FORMER MEP SUPERIOR GENERAL IS REMEMBERED FOR HIS LOVE FOR CHINA

China
1995-04-28 00:00:00

Bishop Charles Lemaire, the former superior general of the Paris Foreign Missions (MEP) who served in northeastern China for 15 years, died in Hong Kong of natural cause April 22. He was 95.

At the funeral Mass April 26, Father Raymond Rossignol, MEP superior general, recalled Bishop Lemaire´s service in Jilin (Kirin), northeastern China, 1930-1945 as the time when the bishop learned to love the Chinese.

"Until the end of his life, the Chinese people and the Church in China were still in his mind and his prayers," Father Rossignol said.

Cardinal John Baptist Wu Cheng-chung of Hong Kong concelebrated the Mass with 30 priests. More than 300 Catholics attended the Mass for the late bishop. His body was buried in Hong Kong.

Bishop Lemaire was born in 1900 in northern France. He entered the MEP in 1925 and was ordained a priest in 1929. He left for China in the next year, becoming assistant and then parish priest of Jilin cathedral.

In 1937, he was appointed rector of the minor and major seminaries. In November 1939, he was ordained coadjutor bishop in Jilin to assist Bishop Auguste-Ernest Gaspais, then vicar apostolic of Jilin.

In 1945, Bishop Lemaire was appointed MEP superior general. He then left for Paris to head the missionary society until 1960. Among his first acts was to send a few dozen priests to China, according to MEP Father Gabriel Lajeune.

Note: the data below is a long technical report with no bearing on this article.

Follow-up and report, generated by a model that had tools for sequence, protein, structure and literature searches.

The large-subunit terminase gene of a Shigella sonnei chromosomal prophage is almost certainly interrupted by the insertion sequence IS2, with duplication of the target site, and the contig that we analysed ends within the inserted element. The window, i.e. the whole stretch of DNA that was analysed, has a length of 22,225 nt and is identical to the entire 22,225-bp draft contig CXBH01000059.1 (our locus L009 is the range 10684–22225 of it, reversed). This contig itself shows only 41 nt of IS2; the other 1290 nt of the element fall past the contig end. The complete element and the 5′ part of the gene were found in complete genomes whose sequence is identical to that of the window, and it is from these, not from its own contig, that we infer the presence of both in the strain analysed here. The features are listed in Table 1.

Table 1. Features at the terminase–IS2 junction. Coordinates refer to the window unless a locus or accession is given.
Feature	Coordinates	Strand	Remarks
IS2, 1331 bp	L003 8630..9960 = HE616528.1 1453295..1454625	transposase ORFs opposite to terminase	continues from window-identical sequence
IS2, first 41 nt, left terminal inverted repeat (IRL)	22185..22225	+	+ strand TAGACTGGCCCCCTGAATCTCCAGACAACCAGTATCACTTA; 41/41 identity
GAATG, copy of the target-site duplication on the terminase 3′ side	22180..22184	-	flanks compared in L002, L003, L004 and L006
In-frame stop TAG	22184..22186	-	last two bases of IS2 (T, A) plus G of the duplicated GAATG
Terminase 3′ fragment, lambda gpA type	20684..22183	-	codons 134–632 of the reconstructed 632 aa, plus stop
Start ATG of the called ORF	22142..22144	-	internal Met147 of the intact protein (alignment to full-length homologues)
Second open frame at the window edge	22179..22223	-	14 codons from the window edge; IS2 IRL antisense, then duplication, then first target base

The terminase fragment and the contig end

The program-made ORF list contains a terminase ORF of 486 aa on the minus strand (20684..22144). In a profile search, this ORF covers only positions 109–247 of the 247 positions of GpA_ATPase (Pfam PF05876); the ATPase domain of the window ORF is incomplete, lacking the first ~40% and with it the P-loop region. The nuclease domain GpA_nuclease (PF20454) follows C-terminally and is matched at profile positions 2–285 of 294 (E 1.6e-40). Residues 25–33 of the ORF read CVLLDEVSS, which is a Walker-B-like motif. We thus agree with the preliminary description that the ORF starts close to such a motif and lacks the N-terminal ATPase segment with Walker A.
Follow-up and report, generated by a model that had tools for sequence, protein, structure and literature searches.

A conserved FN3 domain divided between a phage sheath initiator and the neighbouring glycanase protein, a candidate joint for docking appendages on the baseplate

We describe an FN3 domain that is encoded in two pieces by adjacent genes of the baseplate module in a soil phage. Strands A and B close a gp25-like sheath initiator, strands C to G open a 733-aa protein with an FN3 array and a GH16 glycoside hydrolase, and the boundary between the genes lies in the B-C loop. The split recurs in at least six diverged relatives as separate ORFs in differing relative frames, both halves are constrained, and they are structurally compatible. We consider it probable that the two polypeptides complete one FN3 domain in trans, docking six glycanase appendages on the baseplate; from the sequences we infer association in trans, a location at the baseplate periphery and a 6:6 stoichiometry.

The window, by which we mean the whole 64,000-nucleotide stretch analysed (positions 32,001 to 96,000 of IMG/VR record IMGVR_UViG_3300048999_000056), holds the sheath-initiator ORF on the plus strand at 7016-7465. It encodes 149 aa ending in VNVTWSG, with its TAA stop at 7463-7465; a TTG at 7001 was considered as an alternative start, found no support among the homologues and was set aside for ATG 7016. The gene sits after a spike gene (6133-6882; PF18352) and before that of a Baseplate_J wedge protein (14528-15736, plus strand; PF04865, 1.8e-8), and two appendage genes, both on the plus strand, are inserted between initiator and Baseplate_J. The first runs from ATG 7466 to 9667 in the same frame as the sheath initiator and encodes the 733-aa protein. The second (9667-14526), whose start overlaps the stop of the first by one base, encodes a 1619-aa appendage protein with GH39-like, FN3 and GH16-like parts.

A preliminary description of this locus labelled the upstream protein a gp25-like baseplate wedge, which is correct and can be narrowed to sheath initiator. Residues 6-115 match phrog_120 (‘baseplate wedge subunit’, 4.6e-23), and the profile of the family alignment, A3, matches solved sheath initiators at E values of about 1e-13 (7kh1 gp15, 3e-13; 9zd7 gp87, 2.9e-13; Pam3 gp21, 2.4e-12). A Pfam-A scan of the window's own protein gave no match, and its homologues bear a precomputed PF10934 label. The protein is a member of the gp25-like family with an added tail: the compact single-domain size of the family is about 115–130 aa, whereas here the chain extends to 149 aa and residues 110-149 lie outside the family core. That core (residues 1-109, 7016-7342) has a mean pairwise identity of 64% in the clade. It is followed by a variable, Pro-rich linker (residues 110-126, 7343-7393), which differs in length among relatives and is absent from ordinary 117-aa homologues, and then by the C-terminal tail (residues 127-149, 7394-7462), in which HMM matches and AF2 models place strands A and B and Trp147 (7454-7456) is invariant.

Father Yan Taijun, vicar of Jilin diocese, told UCA News April 25 by phone that the diocese, informed of the prelate´s death, had offered daily Mass and prayers for him from April 23 to April 26 with an average attendance of 100.

On behalf of the Catholics of Jilin, Father Yan, who heads the diocese, sent Chinese-language condolences to the MEP house in Hong Kong April 26.

The message described the late bishop a "good bishop and good pastor," who was "humble, prudent, broad-minded, honest and kind" and "led a simple life."

They will "learn and carry forward his virtues and good deeds to express remembrance of the bishop," and "transform grief into strength so as to contribute to the evangelization work of the Church."

At the funeral, Father Lajeune recalled that the happiest news Bishop Lemaire received in recent years was of the growing Church in northeastern China. A few years ago, five young priests from Jilin visited the bishop.

They gave him an immense joy by telling him in Mandarin, which he could still speak, that old Catholics in Jilin remembered him, said MEP Father Sylvain Rabiller.

When his term as MEP superior general ended in 1960, Bishop Lemaire came to Hong Kong because he could not return to the mainland under Communist rule.

He became extremely active in the service of several religious communities, said Father Rabiller.

In his last few years, the retired bishop lived at the Saint Mary´s Home for the Aged run by the Little Sisters of the Poor, near the local seminary.

UCA News interviewed Bishop Lemaire in 1991. At that time the bishop spoke in Mandarin: "I cannot go back to China now as I´m too old to travel. But I always remember my diocese and the faithful there in my prayers."

The bishop could write some Chinese characters, including his name "Hui Huamin" and "Jilin."

China-appointed Bishop Liu Huanbo of Heilongjiang, and two other late China-appointed bishops, Li Xuesong of Jilin and Wang Ruihuan of Heilongjiang, in northeastern China were his former students.

END

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